The steps can be etched into the carrier 102. If a step plane 101a of the reference exposure structures 404 is formed by the surface of the carrier 102 itself, this can be incipiently etched minimally in order that the surface roughness and thus the transmission of all the steps are approximately the same.

Alternatively, the steps or generally the reference exposure structures can also be provided on a reference carrier, wherein the latter can then be correspondingly fixed to the product structure exposure mask respectively used for the exposure of a substrate.

By way of example, a quartz glass lamina with a correspondingly etched staircase can be used as reference carrier. The quartz glass lamina can be fixed for example on an exposure mask already present. By way of example, liquid glycerol having a sufficiently high transmission for deep UV light can be used as optical cement.

FIG. 6B shows a reference structure 408, which was produced by means of the reference exposure structure 404 on the substrate 506 (e.g. on a wafer). The reference structure 408, in a manner corresponding to the reference exposure structure 404, may include a line structure having a line width, wherein the line width, as described herein, can be used for analyzing the focus.

Exactly one reference structure 408a, 408b, 408c, 408d is assigned to each reference exposure structure 104a, 104b, 104c, 104d and each reference structure 408a, 408b, 408c, 408d is at a different object distance g during exposure. A focus variation can thus be generated (cf. FIG. 4), without the substrate 506 being moved relative to the optical unit 504 of the exposure apparatus 500. The reference structures 408 can be produced in an unused chip region or in the kerf, such that the evaluation of the exposure quality, e.g. of the focus, can be carried out during production.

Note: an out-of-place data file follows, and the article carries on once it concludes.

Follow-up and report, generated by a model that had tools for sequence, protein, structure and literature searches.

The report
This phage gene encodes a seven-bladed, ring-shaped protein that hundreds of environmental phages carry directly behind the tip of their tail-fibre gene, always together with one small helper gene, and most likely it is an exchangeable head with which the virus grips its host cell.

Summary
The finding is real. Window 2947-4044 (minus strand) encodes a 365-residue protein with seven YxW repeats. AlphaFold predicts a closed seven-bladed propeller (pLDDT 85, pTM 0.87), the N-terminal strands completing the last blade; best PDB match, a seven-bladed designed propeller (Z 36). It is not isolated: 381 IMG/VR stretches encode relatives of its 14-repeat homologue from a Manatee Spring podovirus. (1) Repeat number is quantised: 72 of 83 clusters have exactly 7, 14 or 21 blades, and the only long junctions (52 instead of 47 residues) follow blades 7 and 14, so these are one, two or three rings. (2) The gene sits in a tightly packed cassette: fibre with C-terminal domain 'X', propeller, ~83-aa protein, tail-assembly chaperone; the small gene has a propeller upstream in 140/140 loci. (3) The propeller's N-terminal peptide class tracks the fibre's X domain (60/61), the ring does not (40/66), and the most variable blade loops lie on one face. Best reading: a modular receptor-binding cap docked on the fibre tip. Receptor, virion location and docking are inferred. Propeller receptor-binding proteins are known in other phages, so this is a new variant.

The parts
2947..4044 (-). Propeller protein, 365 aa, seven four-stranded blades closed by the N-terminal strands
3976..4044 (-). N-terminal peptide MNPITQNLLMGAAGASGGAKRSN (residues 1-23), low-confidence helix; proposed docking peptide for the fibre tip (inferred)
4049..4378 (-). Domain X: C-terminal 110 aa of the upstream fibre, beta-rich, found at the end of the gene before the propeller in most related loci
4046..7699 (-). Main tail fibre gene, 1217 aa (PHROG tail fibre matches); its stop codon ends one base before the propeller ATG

In order to find an operating point for the exposure apparatus 500, a variation of the focus setting and dose setting can be carried out. By way of example, an irradiation of 280 J/m2 can be used, e.g. in a range of approximately 100 J/m2 to approximately 500 J/m2. For the reference exposure structures 104a, 104b, 104c, 104d, it is possible to use for example an exposure structure width (e.g. a line spacing of adjacent lines) in a range of approximately 0.3 μm to approximately 10 μm, e.g. an exposure structure width of approximately 2 μm.

In accordance with various embodiments, any sufficiently focus-sensitive structure can be used as reference exposure structure 104a, 104b, 104c, 104d for the exposure mask 100.